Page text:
While President Joe Biden has been trying to tamp down tensions with China, Vladimir Putin has been busy perfecting a new form of warfare against the West.

The White House had hoped to put Russia on the back burner while it focused on America’s far more dangerous rivalry with Beijing. But Putin, ever eager to grab the global limelight, has amassed 80,000 troops on the Ukrainian border, threatened to limit gas for Europe, and abetted the callous misuse of refugees by Belarus as a weapon against Poland.

A nibble here, a bite there, the use of misinformation, cyberhacking, blackmail, human trafficking, proxy wars — all are part of Putin’s arsenal to attempt to destabilize Europe and America while denying any involvement. And the West has yet to figure out how to check him.

Some call it “hybrid war,” but I think of it as “salami war.” Putin is biting off bits until the sausage is half gone in an effort to destabilize democracies while forcing America and the European Union to accept his dominance over chunks of Europe.

“The White House notion of making Russia more dependable so it can work on China isn’t working out so well,” I was told by Alexander Vershbow, who served as U.S. ambassador to Moscow and deputy secretary general of NATO. “We may want to park Russia on the back burner but Putin has other ideas.”

Putin pursues his salami war in stages, taking more bites whenever NATO allies are distracted.

» READ MORE: Secretary Blinken, don't betray Afghan allies and U.S. vets | Trudy Rubin

He doesn’t hide his desire to gobble up an independent and democratic Ukraine. Since he invaded Ukraine in 2014 and annexed Crimea, he has continued to destabilize that country to prevent it from moving closer to the European Union.

He sent Russian troops, proxies, and weapons to occupy the Donbas region of eastern Ukraine in 2014, and paid no political price when those proxies shot down a civilian Malaysian airliner with Russian missiles.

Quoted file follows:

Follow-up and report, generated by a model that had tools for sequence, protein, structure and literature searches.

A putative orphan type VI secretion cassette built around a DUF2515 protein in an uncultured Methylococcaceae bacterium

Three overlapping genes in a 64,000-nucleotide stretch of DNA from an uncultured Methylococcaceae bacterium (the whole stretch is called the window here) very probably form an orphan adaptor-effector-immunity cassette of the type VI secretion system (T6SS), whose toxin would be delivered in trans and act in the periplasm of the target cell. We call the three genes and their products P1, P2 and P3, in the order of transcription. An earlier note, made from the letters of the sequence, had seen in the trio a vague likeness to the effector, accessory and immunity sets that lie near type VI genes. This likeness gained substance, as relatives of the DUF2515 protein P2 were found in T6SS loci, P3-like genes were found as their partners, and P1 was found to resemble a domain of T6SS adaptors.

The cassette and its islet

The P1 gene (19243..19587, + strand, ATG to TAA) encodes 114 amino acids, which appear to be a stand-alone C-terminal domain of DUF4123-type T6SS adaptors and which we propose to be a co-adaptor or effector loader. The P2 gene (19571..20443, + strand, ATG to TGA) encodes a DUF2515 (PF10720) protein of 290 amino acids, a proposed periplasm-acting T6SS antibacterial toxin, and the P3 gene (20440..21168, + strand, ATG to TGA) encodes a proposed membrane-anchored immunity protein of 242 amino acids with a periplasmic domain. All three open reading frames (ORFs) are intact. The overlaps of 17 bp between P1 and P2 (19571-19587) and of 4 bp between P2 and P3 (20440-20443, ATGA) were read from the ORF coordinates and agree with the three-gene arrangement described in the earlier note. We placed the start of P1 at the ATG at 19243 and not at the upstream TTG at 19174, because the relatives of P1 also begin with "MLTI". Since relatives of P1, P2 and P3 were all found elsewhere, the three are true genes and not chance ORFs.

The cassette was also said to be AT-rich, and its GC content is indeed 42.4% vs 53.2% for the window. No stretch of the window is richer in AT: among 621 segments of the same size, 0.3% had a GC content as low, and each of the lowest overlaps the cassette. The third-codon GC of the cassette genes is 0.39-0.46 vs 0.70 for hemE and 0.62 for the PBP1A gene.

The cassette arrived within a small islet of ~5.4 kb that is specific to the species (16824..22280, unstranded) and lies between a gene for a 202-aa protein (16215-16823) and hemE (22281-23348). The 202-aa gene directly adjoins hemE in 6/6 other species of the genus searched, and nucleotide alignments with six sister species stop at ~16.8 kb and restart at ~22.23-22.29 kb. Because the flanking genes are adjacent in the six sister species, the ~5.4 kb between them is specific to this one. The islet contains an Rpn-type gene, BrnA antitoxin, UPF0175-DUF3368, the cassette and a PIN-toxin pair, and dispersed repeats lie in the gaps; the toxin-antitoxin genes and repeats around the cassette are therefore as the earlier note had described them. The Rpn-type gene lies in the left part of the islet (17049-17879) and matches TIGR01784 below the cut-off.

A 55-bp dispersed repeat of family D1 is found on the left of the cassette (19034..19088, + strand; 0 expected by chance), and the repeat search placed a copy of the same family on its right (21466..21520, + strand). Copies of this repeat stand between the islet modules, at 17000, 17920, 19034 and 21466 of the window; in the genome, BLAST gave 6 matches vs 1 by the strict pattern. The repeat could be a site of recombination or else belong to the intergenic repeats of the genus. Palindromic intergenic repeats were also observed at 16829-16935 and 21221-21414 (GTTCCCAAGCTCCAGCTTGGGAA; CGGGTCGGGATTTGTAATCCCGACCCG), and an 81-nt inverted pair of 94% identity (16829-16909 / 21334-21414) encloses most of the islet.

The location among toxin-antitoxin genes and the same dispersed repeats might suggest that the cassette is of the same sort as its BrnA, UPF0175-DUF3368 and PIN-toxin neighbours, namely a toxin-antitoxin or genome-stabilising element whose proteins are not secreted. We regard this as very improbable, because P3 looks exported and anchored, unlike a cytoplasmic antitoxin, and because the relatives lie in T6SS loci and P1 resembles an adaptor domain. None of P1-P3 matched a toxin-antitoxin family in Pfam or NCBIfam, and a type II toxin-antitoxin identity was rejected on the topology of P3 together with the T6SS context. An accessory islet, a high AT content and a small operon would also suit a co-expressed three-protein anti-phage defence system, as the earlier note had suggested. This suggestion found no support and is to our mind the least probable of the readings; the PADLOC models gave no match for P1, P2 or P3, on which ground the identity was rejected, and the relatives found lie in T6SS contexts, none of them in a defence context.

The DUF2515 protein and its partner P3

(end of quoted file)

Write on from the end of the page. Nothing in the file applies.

NATO allies fear Putin may actually be massing those troops for another military incursion. “What Putin is really doing is testing how much solidarity there is in the West,” I was told by former National Security Council Russia expert Fiona Hill. “The big question: Does he go too far and trigger a massive response?”

Similarly, Putin is testing whether Europe will let him get away with blackmailing the continent over gas — and refugees.

Europe is overly dependent on Russian gas at a time when it is struggling with energy shortages. Both the Trump and Biden administrations had warned Germany not to endorse a second gas pipeline from Russia, known as Nord Stream 2, because it would increase dependency on Moscow. Biden mistakenly dropped his opposition months ago as a favor to Germany, but the German government promised to rethink if Russia attempted to “use energy as a weapon.”

Now Putin has baldly warned that he will increase Russian gas shipments only if Germany immediately certifies the Nord Steam 2 pipeline. Germany’s energy regulator has temporarily halted pipeline approval, but the German government hasn’t frozen the project.

“How much more explicit can Putin be about blackmail?” asks Hill. “The ball is in the European court.”

Putin’s latest weapon against Europe is human trafficking. His closest ally, President Alexander Lukashenko of next-door Belarus, has organized visas for desperate Iraqis and Afghans and had them transported to the border with Poland. This would be highly unlikely without a Kremlin green light.

The aim is to pressure Europe to drop sanctions against Belarus for rigged elections. (Lukashenko also got away with air piracy, forcing an Irish civilian airliner to land so he could kidnap a Belarusian dissident off of it.) As the man who keeps Lukashenko in power, Putin cannot separate himself from these crimes.

Putin doesn’t care. He has refused to stop the operations of Russian criminal cyberhackers, despite visits by U.S. officials with lists of the culprits. No one doubts that these criminals could only operate with a Kremlin green light.

So despite efforts by the Biden team to seek areas of accord with Moscow, after a June Putin-Biden meeting in Geneva, engagement must not preclude pushback.

“Putin is clearly testing the limits of what he can get away with,” says Vershbow. Europe and cyberspace are the testing grounds. (The Kremlin is so risk-happy that Moscow just conducted an anti-satellite missile test that endangered the International Space Station, including Russian members of the crew.)

“We should do more to push back,” says Hill. One place to start would be a Biden-Merkel decision to freeze Nord Stream 2 due to Putin’s blackmail. And beyond whatever the U.S. is doing in secret to push back against cyberhacking, it’s obviously time for something much more serious, backed by the U.S. and Europe in tandem.

As for sanctions, they clearly haven’t changed Putin’s or Lukashenko’s behavior. More serious sanctions that affect the wealth of Putin and his cronies might change the Russian president’s mindset.

It’s time for the White House — and NATO — to counter the Russian leader’s tactics before he presumes he can again invade Ukraine. “What starts in Ukraine doesn’t stay in Ukraine,” says Vershbow. “You can’t just think about de-escalation when Putin is escalating.”